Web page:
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By Anna Belle Kaufman
Going, Going, Gone
A young boy finds his Charon for the final journey
My boy's passion for trains began with a picture book. A gift for his second birthday, it was a simple story of a train's passage through tunnels, over bridges, under the night sky, and it ended with the words "Going, going, gone." I remember finding the book after he'd died, rereading it, and feeling the hairs on my neck prickle when I came to the end.
Because he loved trains above all else, I found myself one warm summer evening seated by the tracks of a one-eighth-scale railroad nestled close to the hills of Griffith Park, surrounded by geezers in striped overalls and engineer hats. I was the only female present, at 34 by far the youngest, and the only one at the club meeting of the Los Angeles Live Steamers who didn't have my own miniature diesel or steam locomotive tucked away in the metal shed. We'd discovered this haven for train enthusiasts one Sunday, when rides were being offered to the public. Zack, almost 3, was enthralled by the two miles of looping track and the miniature towns, bridges, and tunnels, all built by the members, including Walt Disney, one of the first.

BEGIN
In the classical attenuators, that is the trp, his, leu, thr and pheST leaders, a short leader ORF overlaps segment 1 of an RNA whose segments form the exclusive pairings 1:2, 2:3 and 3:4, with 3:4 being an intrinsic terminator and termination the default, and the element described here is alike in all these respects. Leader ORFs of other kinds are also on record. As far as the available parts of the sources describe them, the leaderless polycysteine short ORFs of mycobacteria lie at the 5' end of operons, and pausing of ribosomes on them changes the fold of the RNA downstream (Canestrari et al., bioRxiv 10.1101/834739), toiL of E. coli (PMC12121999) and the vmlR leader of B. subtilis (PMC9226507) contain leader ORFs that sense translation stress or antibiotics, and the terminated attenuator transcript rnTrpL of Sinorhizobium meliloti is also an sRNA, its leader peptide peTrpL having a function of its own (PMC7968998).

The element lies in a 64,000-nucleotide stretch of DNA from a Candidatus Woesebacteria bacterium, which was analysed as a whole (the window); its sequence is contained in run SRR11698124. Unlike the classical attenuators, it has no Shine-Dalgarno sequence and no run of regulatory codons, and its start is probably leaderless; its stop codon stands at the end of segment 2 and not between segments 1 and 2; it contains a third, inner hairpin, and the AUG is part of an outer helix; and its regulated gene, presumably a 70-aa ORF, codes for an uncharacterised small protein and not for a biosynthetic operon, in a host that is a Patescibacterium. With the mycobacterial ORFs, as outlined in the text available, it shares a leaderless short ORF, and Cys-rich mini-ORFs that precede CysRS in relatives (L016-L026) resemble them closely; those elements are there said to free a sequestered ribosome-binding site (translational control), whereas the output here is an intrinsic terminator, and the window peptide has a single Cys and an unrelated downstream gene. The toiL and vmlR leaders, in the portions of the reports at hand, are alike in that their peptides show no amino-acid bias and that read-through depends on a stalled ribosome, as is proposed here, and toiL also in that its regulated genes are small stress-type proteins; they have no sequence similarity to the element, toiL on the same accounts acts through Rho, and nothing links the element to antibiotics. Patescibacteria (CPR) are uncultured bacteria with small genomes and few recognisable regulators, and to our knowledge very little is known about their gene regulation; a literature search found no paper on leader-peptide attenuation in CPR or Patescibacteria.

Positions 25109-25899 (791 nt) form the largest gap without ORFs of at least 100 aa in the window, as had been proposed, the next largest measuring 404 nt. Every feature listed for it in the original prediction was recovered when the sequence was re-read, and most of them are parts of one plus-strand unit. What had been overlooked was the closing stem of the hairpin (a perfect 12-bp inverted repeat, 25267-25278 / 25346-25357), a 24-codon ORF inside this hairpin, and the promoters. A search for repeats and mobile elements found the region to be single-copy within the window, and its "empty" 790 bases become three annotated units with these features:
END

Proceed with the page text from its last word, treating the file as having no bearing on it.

Wanting Zack to have access to more than the occasional ride, I joined the club and arrived at the meeting hoping to connect with someone who'd invite him to climb aboard. I remember looking around and asking myself "What's a nice Jewish girl like me doing in a place like this?" and laughing at the things we do for our children. I didn't befriend anyone that night. But when I returned with Zack the following Saturday, his usual charm and ebullience found us an engineer on our first ride.
His friend P.J. was the oldest geezer there—a tall, tanned, rangy man, with a paunch hanging over jeans held up with red suspenders, a red kerchief flapping from the back pocket. His manner tilted toward gruff—he made no effort to charm children—but he and Zack were there to share an activity and a mutual love, not conversation. We spent so many hours sitting behind him on his little orange diesel that the brown wrinkles on the back of his neck became as familiar to me as an old map.